Picture the scene, the silver fern resplendent atop the global benchmark as New Zealand rest unchallenged, a situation true for the past three years. Australia on the other hand, a former close rival, are drifting year on year whilst the northern hemisphere nations are starting to flex their muscles at the top of the table. If you have a vision of the All Blacks, Wallabies and Lions you wouldn’t be wrong but this situation is also regulatory as much as with rugby. The latest independent research is in, and the news for the Coalition is not encouraging, compared to its peers Australia is making it harder for businesses to function in this country.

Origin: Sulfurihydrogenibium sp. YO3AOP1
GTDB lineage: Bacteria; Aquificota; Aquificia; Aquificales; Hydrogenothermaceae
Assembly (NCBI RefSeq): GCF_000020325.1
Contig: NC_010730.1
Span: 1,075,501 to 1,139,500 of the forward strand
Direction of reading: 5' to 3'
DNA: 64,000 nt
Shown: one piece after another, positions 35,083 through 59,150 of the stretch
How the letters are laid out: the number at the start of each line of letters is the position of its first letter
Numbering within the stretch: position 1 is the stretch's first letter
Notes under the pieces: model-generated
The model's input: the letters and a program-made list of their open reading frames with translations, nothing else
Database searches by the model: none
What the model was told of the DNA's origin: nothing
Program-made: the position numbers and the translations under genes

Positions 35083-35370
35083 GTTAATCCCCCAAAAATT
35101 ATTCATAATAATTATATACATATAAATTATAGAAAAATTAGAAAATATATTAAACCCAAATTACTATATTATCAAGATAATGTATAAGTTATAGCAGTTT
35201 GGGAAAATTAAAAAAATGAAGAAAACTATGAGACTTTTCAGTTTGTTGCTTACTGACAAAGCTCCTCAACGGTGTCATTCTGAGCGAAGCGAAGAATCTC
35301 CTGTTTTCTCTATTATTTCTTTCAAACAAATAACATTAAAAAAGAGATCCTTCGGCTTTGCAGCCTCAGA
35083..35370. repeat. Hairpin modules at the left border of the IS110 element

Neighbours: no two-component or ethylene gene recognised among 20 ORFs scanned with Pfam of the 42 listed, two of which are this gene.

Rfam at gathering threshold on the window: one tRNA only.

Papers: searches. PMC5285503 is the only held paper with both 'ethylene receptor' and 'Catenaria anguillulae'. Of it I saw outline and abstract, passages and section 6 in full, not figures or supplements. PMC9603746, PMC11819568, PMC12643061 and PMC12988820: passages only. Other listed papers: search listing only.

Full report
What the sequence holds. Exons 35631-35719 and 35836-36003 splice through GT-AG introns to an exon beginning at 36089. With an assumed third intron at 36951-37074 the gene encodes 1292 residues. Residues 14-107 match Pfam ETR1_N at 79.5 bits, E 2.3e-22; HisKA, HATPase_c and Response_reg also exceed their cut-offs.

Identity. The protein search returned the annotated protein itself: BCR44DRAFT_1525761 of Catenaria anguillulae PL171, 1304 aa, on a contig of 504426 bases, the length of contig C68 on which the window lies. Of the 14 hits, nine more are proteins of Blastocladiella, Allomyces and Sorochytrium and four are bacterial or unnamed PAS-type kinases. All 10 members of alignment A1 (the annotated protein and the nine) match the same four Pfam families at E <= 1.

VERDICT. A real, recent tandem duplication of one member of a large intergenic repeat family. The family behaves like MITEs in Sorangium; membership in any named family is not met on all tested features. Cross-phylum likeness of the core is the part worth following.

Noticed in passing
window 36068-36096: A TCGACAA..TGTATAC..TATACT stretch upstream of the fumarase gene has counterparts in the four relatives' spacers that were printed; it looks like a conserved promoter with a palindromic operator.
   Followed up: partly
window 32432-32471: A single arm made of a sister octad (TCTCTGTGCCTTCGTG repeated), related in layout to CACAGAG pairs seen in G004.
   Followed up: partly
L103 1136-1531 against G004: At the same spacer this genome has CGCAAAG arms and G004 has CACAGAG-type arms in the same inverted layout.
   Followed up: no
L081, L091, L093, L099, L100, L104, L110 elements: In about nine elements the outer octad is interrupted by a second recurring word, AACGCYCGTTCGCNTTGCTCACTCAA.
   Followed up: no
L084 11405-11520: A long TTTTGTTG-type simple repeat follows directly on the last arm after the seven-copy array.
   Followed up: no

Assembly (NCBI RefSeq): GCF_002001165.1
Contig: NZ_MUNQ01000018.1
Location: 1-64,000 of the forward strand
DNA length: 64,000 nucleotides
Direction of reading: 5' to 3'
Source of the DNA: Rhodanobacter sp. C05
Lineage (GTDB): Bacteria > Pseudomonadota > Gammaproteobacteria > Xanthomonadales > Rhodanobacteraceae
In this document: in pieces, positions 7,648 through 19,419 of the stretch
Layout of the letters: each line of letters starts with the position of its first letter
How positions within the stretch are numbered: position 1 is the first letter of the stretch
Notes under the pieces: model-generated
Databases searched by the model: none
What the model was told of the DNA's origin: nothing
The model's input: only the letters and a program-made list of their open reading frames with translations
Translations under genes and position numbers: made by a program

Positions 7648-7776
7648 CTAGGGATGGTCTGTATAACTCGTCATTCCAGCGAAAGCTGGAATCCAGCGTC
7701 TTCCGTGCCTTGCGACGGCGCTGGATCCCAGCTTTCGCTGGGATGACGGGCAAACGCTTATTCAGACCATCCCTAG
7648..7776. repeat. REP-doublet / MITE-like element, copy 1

Since 2001 a team at the World Bank have conducted a global research exercise on the ease of doing business in different states around the world. In each country a group of professionals such as accountants and lawyers are presented with a questionnaire covering imaginary business scenarios. The scope of the questions is to ascertain the time, complexity and resource required to establish new businesses based on local access to essentials such as permits, utilities and credit. Whilst the surveys are necessarily qualitative in nature, prone to debate and far from perfect the sum of the answers provides a window into the regulations enforced in that country.